People who want criminal justice reform have reason to celebrate, after five candidates for Commonwealth’s Attorney won election Tuesday.
A jubilant crowd chanted his name as long-time public defender Jim Hingeley arrived at a downtown brewery to celebrate his victory over incumbent Robert Tracci. Hingely had campaigned on a platform of doing away with cash bonds and sending more convicted criminals to treatment programs rather than prison. He spent more than a year campaigning and raised a quarter of a million dollars, but the win caught him by surprise. "You know I never ran for political office before, so am I surprised? Yeah," Hingeley admitted.
Four other so-called progressive prosecutors will take office in Fairfax, Loudon, Prince William and Arlington Counties. Candidate Steve Descano vowed to end prosecution of marijuana possession and use of the death penalty. Amy Ashworth thinks defendants should be told what evidence the prosecution has against them, and she doesn’t want sheriff’s deputies acting as agents for ICE. Buta Biberaj wants juries to know how much it will cost to lock people up before they decide on a sentence, and Parisa Tafti wants more alternatives to jail time for low-level offenders.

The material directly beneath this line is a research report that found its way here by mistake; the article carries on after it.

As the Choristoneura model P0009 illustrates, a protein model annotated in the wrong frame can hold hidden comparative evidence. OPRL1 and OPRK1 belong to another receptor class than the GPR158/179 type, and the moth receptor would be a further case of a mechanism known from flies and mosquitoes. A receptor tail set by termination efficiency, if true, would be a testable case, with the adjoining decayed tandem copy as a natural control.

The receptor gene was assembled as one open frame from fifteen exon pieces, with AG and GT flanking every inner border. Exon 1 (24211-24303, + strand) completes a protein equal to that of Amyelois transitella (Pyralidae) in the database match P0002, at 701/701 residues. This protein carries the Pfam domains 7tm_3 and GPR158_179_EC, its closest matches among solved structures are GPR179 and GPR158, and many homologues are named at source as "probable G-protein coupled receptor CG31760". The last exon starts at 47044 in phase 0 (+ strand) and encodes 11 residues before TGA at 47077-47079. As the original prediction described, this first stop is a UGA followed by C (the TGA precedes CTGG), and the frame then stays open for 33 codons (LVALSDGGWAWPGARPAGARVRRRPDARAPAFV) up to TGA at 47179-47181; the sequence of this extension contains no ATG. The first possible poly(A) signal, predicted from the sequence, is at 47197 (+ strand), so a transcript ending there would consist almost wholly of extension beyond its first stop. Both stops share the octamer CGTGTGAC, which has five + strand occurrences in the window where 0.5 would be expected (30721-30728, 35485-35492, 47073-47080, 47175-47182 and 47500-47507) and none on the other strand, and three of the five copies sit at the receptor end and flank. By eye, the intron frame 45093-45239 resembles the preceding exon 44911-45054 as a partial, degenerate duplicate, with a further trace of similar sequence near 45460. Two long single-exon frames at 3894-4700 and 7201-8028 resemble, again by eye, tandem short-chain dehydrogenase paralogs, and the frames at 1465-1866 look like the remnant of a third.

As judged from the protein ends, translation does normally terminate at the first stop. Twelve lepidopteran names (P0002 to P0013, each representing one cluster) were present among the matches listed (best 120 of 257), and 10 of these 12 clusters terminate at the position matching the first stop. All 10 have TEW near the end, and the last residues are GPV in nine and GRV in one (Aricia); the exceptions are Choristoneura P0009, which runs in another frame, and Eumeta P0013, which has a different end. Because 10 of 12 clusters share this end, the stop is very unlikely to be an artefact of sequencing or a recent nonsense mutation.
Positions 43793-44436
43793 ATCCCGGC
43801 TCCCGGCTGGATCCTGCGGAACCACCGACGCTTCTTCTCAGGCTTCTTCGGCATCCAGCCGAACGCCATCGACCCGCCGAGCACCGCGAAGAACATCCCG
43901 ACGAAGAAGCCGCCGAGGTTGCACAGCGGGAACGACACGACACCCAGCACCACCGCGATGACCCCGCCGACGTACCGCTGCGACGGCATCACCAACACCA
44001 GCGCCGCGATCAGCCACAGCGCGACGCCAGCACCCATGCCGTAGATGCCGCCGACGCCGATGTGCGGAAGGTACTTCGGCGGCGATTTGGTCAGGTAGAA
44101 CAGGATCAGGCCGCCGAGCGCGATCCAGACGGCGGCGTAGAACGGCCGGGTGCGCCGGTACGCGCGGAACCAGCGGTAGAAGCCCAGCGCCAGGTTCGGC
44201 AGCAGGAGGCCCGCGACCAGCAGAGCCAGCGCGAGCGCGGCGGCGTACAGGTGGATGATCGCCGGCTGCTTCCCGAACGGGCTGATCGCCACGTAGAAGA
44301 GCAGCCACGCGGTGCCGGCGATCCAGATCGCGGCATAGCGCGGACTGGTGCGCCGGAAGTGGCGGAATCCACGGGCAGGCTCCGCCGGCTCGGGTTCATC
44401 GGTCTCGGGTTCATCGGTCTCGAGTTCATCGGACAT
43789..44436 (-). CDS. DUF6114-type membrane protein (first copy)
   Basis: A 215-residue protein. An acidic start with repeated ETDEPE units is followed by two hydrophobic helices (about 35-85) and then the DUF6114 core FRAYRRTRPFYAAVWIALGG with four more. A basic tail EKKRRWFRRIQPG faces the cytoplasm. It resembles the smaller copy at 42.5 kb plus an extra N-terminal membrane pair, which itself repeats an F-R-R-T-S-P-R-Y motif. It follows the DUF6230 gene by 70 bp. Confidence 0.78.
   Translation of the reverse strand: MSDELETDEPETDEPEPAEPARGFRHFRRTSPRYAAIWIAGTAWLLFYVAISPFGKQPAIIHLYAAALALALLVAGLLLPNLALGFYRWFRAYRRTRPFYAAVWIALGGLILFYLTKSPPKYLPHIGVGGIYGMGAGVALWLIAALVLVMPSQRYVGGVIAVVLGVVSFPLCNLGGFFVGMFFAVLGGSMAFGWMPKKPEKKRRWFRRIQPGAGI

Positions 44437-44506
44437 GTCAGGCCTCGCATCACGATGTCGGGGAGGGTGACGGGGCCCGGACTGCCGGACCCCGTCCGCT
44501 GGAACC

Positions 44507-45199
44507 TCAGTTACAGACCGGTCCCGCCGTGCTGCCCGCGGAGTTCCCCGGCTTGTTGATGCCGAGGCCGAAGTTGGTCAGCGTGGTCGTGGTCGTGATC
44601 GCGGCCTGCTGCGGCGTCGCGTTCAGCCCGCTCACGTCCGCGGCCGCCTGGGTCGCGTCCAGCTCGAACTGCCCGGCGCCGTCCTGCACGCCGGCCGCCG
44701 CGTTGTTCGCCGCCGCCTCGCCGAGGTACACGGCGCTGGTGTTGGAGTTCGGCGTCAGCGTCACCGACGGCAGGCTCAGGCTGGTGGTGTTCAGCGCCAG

Hingeley is excited to have so many allies. “We need to keep the pressure on the legislature, and now we’ve got the nucleus of a progressive group that can go down to Richmond, and we’re starting to end mass incarceration.”
There was, however, a sobering report for reformers from Chesterfield County where Democrat Scott Miles was unseated by a conservative challenger Stacey Davenport.